In some Android phones (Samsung Galaxy, for example), a lot of users are facing an issue while changing the screen lock security to none or swipe option on their phone. It shows a message which says “disabled by administrator, encryption policy or credential storage“.
If you are also facing this issue, there is no need to worry. Here we have shared some methods that can help you to fix “disabled by administrator, encryption policy or credential storage” error on your phone quickly and thus allow you to change the screen lock to none or swipe option.
How to fix disabled by administrator, encryption policy or credential storage
As the error message itself explains, there are basically three reasons why this error occurs. The first reason may be that the apps which have administrator privilege on your phone are preventing you to change the screen lock settings.
Another reason could be the encryption policy i.e. if you have encrypted your phone’s data, you are not allowed to remove the screen lock security. And finally, sometimes credentials stored on your phone can also cause this issue. Here’s how you can fix all these things quickly –
1. Disable unnecessary administrator apps
There are certain apps (both built-in and third-party) that have been given administrator privileges on your phone. These apps can erase data, prevent you from installing and uninstalling apps, restrict changes in screen lock security and more.
For example, Find My Phone app by Google can help you to erase data and lock your phone remotely in case if it’s stolen. If you are unable to change the screen lock to none or swipe option, you can disable unnecessary administrator apps on your phone. Here’s how you can do it –
- Open Settings on your phone and go to Security.
- Now find and open Device Administrator (or Device admin apps) option. If there is a search option in phone settings, you can use it to find the option quickly.
- Once you are in Device Administrator settings, you will see a list of apps which have been given administrator privileges. Now disable all unnecessary apps by clicking the tick mark button next to them.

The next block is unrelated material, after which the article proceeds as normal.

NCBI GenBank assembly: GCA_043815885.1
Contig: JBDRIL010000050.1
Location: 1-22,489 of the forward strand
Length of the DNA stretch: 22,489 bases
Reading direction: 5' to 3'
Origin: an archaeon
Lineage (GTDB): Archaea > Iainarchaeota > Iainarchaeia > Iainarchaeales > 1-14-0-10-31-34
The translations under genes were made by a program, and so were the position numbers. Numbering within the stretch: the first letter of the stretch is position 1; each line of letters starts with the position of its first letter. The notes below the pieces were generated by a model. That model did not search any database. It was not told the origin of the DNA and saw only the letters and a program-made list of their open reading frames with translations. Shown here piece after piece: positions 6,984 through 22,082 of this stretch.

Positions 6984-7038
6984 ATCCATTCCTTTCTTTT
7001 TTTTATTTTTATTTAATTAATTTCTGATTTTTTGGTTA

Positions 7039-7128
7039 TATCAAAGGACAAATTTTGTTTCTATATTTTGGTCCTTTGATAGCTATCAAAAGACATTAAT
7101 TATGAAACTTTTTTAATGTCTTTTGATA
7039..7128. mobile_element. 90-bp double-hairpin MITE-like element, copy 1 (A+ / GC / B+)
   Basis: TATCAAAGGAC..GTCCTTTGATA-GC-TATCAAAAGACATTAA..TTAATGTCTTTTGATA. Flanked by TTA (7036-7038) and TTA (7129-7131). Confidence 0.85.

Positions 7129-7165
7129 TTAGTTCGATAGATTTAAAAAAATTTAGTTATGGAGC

Please note that you don’t have to disable some built-in essential apps from the Device Administrator such as Find My Phone and Android Device Manager.
- In the next step, you will be asked to confirm your action to disable the app. Simply, click the Deactivate button. That’s it.
Once after this, you will be able to set the screen lock to none or swipe option on your phone without getting “disabled by administrator, encryption policy or credential storage” error.
2. Clear credentials on your phone
If the above method doesn’t work, then you can try to clear credentials on your phone. Here’s a step-by-step guide –
- Again open Settings and go to Security.
- Find and open the Credentials option there. You will find it in Advanced or other security settings.
- Now click the “Clear credentials” option.
- You will be asked to confirm your action – simply, click the OK button for that.
After this, go back to the screen lock settings and then you will be able to change the screen lock from PIN, password or pattern to none or swipe option. This method will definitely work for you.
3. Decrypt your device’s data
If you have encrypted your device’s data, it can also cause “disabled by administrator, encryption policy or credential storage” error. To fix this, you just have to decrypt your device’s storage. Follow these steps –
- Go to Settings > Security.
- Find the settings related to Encryption.
- There you will see an option named “Decrypt phone” – click on it.
- Next, you will be asked to confirm your action. After that, wait until your device is decrypted. It will take some time.
- If you have also encrypted your external storage (such as SD card), you can decrypt it by finding the “Decrypt SD card” option.
So that’s how you can fix “disabled by administrator, encryption policy or credential storage” error and change the screen lock to none or swipe option on your Android phone. If you are facing any problem, feel free to share it in the comments.